The patent for a mobile package pickup system was published on Jan. 29, almost five years after inventor Kushal Mukesh Bhatt’s patent application was filed. Ironically, Bhatt now works for Walmart, one of Amazon’s biggest retail competitors.

As described in the patent, the system calls for installing storage compartments on buses or other vehicles, and letting riders with the authorized codes unlock a designated compartment and pick up their item. Customers can specify the time and the place for the pickup when they put in their online order.

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Amazon’s got a brand new bag for delivery items

Hot-and-cold bag
Amazon’s newly patented concept for a convertible delivery bag has internal insulated panels that can be adjusted to accommodate hot and cold items for a single delivery. There’s even a drink holder, indicated as item 128. (Amazon Illustration via USPTO)

Insulated bags for pizza deliveries and cooler bags for ice-cold drinks are nothing new. But how about if you put them together? Amazon’s inventors thought the idea was novel enough to apply for a patent, and now they’ve gotten it.

The patent application, titled “Convertible Food Delivery Bag With an Adjustable Divider,” describes a delivery bag that has a system of magnetic strips, Velcro-style strips or sliders on the bag’s interior.

Panels of insulating material can be moved around inside the bag to create compartments of adjustable sizes, to secure a cold drink snugly or provide enough room for the hot bucket of chicken nestled in the bag compartment next to it. The patent application even provides for built-in drink holders.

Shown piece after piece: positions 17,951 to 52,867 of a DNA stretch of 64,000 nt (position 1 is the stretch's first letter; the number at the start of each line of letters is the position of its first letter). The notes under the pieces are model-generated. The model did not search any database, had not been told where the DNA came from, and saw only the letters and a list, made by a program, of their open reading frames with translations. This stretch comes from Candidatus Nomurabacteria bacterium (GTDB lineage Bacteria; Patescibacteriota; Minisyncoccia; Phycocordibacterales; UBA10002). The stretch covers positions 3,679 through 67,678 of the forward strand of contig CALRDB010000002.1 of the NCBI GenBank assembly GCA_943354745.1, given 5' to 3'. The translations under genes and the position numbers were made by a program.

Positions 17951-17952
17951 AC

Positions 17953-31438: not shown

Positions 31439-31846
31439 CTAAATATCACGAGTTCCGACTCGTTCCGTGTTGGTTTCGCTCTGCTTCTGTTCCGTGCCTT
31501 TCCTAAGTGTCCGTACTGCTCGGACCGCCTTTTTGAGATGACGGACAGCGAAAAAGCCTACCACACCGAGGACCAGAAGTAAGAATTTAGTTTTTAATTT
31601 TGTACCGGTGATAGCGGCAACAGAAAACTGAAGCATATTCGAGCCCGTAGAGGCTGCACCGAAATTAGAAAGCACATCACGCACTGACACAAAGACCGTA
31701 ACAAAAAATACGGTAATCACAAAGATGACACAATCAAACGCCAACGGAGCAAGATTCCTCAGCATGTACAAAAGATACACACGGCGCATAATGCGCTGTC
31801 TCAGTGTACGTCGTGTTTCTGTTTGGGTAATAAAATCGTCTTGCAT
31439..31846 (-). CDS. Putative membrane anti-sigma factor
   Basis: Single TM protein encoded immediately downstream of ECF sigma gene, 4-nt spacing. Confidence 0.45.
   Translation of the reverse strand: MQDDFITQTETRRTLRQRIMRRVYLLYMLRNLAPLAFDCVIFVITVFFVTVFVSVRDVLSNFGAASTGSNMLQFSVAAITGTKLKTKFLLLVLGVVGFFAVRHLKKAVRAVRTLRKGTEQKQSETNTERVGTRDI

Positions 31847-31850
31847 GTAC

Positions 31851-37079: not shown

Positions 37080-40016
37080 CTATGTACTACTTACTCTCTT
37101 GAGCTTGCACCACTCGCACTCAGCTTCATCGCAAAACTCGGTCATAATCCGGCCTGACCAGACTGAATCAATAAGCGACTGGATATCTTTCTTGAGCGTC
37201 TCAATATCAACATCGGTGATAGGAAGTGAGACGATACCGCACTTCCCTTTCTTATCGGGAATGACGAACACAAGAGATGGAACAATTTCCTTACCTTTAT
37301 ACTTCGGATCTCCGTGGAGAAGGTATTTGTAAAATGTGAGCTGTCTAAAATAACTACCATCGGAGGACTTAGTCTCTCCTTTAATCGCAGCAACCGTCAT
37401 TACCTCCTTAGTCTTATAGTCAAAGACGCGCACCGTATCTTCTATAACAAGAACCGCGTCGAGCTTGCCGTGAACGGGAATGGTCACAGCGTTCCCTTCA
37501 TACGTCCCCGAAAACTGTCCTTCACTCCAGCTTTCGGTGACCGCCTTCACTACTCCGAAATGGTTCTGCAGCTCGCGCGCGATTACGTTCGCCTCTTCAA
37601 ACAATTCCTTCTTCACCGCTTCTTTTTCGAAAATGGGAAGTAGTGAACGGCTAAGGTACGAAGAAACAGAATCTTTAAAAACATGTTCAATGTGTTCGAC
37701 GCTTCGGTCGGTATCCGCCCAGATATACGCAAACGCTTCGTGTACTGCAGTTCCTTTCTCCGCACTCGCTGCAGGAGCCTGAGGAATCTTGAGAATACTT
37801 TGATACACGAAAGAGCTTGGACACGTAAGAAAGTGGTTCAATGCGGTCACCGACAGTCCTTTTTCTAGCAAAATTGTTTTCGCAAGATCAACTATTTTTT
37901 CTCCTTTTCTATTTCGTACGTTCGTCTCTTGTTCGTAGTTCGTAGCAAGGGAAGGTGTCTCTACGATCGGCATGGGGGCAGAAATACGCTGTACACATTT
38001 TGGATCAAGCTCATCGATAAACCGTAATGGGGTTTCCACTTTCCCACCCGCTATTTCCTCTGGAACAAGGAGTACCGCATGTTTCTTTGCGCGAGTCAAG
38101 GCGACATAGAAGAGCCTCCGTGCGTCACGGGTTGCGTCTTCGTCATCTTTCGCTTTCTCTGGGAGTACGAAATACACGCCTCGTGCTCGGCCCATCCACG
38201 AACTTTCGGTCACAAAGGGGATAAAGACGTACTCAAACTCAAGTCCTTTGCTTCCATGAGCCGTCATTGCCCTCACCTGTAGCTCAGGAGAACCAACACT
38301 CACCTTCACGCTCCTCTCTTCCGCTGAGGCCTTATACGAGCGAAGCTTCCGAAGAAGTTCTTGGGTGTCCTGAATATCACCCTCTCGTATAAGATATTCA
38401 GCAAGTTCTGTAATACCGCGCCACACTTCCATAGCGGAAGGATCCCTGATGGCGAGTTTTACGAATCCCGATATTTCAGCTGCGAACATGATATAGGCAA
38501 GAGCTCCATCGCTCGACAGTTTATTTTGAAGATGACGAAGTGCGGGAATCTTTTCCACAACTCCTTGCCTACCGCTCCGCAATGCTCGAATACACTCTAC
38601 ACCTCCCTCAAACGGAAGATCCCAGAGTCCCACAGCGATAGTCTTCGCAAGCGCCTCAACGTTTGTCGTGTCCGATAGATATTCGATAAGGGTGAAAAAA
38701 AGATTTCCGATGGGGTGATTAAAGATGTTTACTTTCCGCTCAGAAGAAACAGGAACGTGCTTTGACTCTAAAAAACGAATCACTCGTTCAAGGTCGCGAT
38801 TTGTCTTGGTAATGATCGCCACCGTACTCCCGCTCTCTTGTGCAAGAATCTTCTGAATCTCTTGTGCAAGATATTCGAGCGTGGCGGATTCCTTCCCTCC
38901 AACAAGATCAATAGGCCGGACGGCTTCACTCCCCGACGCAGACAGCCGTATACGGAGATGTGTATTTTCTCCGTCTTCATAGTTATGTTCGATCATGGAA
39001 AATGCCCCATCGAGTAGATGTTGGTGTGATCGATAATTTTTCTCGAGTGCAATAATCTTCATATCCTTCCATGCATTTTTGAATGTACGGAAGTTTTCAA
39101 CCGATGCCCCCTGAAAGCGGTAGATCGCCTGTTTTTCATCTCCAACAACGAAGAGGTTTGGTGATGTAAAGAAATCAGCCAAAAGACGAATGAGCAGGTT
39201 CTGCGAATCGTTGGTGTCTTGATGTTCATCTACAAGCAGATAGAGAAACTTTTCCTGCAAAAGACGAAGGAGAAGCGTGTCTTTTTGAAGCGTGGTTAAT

The idea is to scale up the pizza-bag concept for bigger deliveries, combining hot and cold items and thus addressing a need that the inventors say is currently going unmet.

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Amazon aims to patent warehouses on rails

Containerized fulfillment center
A diagram shows a rail-borne shipping container that serves as a mobile fulfillment center, with the capability to dispatch drones for package deliveries. (Amazon Illustration via USPTO)

If Amazon follows through on a pair of patent applications, future fulfillment centers could be transported on their rounds by trains, ships or trucks and deliver their goods with autonomous drones flying out from the tops of shipping containers.

The on-demand system for package delivery is covered in two applications that were filed a year and a half ago but published just today. The inventors are principal software engineer Brian Beckman and intermodal program manager Nicholas Bjone.

Their concept calls for putting all the hardware for a fulfillment center, including a robotic arm and a squadron of drones, inside shipping containers (also known as intermodal vehicles). The standard-size containers are designed to be easily transferred from ships to trains to tractor-trailer trucks.